The work opens with distant fanfares on Graeme Smith's initials, G and S (E flat in German notation), these form rather distinctive brass clusters. The work grows from quiet strings and rumblings, the full texture only gradually unfolding and with Anderson keeping the work feeling rather unsettling. A moment of pause with transparent textures and oboe solos, develops into dense string textures with wind chords. There is a sense of slow development and a long breathed feeling to the work, with the wind writing again evoking Messiaen. The climax, which perhaps evokes the eclipse itself, is followed by the repeat of the distant fanfares of the opening. Again Jurowski and the London Philharmonic Orchestra give a dazzling performance, bringing out the sophistication and subtlety of Anderson's writing.

The final work on the disc is The Discovery of Heaven, commissioned jointly by the London Philharmonic Orchestra and the New York Philharmonic Orchestra and premiered by the London Philharmonic Orchestra under Ryan Wigglesworth in March 2012; the performance recorded on this disc. Product of Anderson's residency with the London Philharmonic Orchestra, the work was specifically designed for the orchestra's players. The twin inspirations for the work are the novel by the Dutch writer Harry Mulisch (1927 - 2010) The Discovery of Heaven and the ancient Japanese court music, gagaku, notably a piece called Etenraku (Music Coming from Heaven). Part one, An Echo from Heaven starts with flurries from wind instruments, moving towards orchestral climax, with wind lines emerging from the orchestral texture. This rhapsodic sense develops into the whole orchestra, with a feeling of gradual slow build. More structured moments lead to a episode with just a solo flute. Finally the orchestral textures thin towards the end, giving the music a wide open feel with lovely translucent, transparency punctuated by bursts of sound.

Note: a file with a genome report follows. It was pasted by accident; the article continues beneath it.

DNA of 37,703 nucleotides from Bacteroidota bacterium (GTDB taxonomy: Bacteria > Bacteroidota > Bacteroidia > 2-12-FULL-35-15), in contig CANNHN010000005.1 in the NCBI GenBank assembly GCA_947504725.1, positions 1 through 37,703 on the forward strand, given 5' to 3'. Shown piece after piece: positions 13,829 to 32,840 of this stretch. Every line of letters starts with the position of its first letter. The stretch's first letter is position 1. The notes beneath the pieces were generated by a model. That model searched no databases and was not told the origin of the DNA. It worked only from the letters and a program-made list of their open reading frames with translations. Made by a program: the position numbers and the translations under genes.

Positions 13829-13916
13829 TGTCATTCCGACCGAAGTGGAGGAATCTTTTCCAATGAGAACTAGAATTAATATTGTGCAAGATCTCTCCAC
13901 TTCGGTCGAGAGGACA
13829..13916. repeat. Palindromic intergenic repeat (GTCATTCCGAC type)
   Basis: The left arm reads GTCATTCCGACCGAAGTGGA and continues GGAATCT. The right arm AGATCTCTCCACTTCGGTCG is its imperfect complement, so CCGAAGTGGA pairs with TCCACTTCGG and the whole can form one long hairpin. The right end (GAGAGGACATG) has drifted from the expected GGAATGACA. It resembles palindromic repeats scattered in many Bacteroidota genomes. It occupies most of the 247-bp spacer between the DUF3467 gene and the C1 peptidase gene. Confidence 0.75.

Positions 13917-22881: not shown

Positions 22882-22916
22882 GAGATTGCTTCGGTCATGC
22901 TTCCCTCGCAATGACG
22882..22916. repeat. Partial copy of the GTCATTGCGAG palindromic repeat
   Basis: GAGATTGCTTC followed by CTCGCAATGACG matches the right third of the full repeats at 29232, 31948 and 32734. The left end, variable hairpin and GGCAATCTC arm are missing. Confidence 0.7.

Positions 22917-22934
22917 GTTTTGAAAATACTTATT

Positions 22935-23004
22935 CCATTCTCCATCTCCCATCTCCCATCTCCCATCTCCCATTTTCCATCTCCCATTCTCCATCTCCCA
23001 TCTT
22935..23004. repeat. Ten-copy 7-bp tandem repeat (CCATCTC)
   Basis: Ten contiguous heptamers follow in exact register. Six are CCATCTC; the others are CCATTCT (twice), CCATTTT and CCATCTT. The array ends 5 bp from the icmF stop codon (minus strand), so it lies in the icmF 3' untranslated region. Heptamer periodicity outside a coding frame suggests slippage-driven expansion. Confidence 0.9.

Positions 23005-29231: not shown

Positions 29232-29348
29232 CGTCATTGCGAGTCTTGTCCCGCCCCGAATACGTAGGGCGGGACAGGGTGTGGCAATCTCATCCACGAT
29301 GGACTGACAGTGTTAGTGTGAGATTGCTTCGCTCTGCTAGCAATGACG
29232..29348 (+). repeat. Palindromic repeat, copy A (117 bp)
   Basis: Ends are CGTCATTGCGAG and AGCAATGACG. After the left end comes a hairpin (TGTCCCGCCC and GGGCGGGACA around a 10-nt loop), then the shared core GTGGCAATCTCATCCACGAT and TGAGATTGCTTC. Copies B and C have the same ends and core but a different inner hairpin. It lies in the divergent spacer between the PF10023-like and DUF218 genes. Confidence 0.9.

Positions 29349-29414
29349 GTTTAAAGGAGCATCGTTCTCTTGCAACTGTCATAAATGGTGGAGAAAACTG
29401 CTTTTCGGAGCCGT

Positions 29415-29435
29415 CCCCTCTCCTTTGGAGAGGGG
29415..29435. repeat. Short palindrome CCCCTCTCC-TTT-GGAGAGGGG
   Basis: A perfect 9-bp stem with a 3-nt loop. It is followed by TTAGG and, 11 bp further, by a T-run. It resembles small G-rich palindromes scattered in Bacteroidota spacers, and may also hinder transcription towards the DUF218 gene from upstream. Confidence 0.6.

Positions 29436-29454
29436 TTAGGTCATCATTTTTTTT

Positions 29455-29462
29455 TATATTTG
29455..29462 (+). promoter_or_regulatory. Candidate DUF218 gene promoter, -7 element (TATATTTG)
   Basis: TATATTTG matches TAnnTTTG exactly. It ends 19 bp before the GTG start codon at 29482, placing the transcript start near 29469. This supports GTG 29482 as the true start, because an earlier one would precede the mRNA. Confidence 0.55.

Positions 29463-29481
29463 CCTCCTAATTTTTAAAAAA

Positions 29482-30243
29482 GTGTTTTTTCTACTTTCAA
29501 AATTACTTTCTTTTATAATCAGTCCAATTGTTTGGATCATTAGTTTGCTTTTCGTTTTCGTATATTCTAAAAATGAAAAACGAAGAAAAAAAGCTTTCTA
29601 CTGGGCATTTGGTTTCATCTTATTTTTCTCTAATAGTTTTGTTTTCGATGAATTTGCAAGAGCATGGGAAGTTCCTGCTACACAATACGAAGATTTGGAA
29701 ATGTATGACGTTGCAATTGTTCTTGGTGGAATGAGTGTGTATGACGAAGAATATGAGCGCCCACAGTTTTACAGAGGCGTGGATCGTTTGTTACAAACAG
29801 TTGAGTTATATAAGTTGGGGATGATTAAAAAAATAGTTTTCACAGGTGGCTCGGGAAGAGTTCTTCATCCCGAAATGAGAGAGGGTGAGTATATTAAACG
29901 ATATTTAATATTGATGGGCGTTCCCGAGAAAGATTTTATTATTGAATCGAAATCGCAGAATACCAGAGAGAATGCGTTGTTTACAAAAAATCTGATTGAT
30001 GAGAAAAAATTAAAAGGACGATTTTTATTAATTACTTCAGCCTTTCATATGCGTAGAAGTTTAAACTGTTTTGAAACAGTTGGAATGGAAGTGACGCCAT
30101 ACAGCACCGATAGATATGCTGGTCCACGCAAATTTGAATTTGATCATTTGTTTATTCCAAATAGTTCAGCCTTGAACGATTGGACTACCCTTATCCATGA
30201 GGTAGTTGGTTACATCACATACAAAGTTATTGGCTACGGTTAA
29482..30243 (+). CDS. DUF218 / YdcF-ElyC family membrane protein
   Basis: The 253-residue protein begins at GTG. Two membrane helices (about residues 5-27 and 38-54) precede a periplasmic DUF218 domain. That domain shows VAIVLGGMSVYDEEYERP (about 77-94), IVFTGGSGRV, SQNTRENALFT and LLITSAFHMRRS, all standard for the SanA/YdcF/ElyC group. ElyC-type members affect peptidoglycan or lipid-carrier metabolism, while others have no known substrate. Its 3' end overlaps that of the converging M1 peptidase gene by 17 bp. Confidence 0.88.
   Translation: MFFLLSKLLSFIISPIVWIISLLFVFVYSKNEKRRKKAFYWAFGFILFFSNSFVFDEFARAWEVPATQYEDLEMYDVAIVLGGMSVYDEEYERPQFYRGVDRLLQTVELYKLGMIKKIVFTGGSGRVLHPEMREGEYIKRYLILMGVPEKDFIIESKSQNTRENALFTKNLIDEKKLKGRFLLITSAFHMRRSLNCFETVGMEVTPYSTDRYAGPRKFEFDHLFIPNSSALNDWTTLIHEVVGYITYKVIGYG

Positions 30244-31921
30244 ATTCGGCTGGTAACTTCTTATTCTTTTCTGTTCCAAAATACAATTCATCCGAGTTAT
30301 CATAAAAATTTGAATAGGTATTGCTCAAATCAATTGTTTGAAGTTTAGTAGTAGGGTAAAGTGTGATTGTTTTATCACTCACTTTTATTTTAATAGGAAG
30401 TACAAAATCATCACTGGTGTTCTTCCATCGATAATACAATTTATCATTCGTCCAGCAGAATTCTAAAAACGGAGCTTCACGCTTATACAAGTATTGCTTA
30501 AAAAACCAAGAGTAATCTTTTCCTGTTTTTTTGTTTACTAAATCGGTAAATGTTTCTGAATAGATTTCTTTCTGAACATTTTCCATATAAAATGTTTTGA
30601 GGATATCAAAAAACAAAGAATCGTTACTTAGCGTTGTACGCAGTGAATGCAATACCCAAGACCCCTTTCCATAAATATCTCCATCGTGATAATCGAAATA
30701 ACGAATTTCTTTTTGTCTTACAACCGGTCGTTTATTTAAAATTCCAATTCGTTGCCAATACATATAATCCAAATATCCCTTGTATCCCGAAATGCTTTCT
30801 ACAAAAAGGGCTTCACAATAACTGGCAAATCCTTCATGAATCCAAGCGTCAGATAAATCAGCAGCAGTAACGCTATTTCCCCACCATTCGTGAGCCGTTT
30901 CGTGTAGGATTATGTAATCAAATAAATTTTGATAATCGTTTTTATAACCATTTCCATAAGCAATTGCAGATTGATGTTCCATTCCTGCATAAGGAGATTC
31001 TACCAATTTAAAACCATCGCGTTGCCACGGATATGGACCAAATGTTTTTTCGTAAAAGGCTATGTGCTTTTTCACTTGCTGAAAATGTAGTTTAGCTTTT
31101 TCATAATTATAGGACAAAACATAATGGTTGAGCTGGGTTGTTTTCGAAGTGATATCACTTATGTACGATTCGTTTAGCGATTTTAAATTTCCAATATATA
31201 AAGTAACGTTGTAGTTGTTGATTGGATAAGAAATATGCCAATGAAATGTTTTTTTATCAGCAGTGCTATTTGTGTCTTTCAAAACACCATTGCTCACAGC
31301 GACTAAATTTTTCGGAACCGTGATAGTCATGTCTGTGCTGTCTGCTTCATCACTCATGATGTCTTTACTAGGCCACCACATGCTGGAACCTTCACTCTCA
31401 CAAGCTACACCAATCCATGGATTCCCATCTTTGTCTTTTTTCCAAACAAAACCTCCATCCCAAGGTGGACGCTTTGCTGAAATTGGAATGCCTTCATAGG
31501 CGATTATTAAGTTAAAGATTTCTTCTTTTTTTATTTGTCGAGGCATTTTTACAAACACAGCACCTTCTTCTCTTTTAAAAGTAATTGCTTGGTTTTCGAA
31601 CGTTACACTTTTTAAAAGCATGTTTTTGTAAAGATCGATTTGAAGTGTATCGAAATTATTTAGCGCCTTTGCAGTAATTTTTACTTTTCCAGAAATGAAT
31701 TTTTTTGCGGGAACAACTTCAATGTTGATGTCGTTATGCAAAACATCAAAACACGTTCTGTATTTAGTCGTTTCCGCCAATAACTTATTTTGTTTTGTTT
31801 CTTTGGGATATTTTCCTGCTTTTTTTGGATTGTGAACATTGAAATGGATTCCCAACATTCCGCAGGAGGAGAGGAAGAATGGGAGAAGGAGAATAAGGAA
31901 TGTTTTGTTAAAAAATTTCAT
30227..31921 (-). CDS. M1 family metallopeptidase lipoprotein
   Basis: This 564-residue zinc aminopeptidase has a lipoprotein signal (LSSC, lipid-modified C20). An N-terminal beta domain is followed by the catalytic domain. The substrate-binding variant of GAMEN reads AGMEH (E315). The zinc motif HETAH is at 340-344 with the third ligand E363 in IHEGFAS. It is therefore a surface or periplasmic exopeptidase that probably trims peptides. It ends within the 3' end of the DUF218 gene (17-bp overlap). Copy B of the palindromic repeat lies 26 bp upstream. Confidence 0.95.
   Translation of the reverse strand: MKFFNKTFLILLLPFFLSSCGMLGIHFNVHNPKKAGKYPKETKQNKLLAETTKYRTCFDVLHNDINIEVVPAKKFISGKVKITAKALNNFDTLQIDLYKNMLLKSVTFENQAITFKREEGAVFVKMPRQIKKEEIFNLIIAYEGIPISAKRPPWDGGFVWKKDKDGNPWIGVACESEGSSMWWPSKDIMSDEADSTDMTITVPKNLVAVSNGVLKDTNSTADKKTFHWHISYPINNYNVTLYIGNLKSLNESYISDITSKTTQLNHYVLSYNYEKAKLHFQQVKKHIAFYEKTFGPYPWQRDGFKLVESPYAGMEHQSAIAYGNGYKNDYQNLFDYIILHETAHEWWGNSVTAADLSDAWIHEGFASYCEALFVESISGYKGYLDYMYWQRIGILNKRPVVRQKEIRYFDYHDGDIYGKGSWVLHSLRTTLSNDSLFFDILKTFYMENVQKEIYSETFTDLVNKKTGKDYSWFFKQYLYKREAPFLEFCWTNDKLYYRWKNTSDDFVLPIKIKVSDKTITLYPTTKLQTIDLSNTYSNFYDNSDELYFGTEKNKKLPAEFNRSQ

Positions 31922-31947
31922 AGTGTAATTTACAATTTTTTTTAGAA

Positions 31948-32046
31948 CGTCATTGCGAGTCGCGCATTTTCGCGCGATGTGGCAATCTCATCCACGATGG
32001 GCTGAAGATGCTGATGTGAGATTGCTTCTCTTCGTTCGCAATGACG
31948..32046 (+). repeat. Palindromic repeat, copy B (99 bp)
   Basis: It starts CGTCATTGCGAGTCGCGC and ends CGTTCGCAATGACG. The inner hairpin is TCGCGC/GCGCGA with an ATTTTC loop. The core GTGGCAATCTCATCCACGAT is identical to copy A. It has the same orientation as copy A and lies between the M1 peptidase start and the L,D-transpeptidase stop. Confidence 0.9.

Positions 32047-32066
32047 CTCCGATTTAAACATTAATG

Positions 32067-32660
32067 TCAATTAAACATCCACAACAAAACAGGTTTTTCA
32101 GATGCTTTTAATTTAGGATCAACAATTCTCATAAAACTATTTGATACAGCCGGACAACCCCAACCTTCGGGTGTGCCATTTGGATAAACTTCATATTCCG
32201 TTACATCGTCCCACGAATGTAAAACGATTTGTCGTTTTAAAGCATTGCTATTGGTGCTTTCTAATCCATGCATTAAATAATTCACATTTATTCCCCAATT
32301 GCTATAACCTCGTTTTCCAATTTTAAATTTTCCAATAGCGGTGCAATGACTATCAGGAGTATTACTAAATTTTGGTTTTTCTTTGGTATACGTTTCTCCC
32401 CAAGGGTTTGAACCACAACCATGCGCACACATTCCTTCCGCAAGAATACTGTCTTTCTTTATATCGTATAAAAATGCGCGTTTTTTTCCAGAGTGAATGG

In his programme note for the second movement In the Street, Anderson talks of the music evoking the atmosphere in a street in a busy modern metropolis. At first the music is rather spare, coming in short bursts of highly rhythmic material. Anderson's orchestrations create some interesting textures, with complex multiple layers of rhythmic motifs and a rather jazzy element. There is a feeling of constant movement, and a slow build towards the final movement, Hymns. There are two contrasting elements to the opening of the final movement, long slow music on brass and strings evoking wide open spaces, with chattering interruptions on wind and percussion. Gradually the musical material gets more structured, more rhythmic with some quite dazzling writing for the brass. Moments of quiet alternate with some highly Rite of Spring-like moments. In all, this is a bravura showcase for orchestra, superbly rendered by Wigglesworth and the London Philharmonic Orchestra.

It seems to be Julian Anderson's time. He has recently started a residency at the Wigmore Hall, and his opera Thebans will be premiered by the ENO in May 2014. This disc of orchestral works provides a superb over-view of his fascinating talent, as well as being a testament to the London Philharmonic Orchestra's support for their resident composer. This is intelligent music, which both seduces by its sound and by the rationality of its construction. Highly recommendable indeed.

Julian Anderson (born 1967) - Fantasias (2009) [24.28]
Julian Anderson (born 1967) - The Crazed Moon (1997) [13.54]
Julian Anderson (born 1967) - The Discovery of Heaven (2012) [20.50]
London Philharmonic Orchestra
Vladimir Jurowski (conductor)
Ryan Wigglesworth (conductor)
Recorded live 19 March 2011, 3 December 2011, 24 March 2012 at the Royal Festival Hall, London
LPO 0074 1CD [59.12]

The Discovery of Heaven - orchestral works by Julian Anderson; London Philharmonic Orchestra, Ryan Wigglesworth, Vladimir Jurowski
Reviewed by Robert Hugill on Nov 26 2013
Rating: 4.0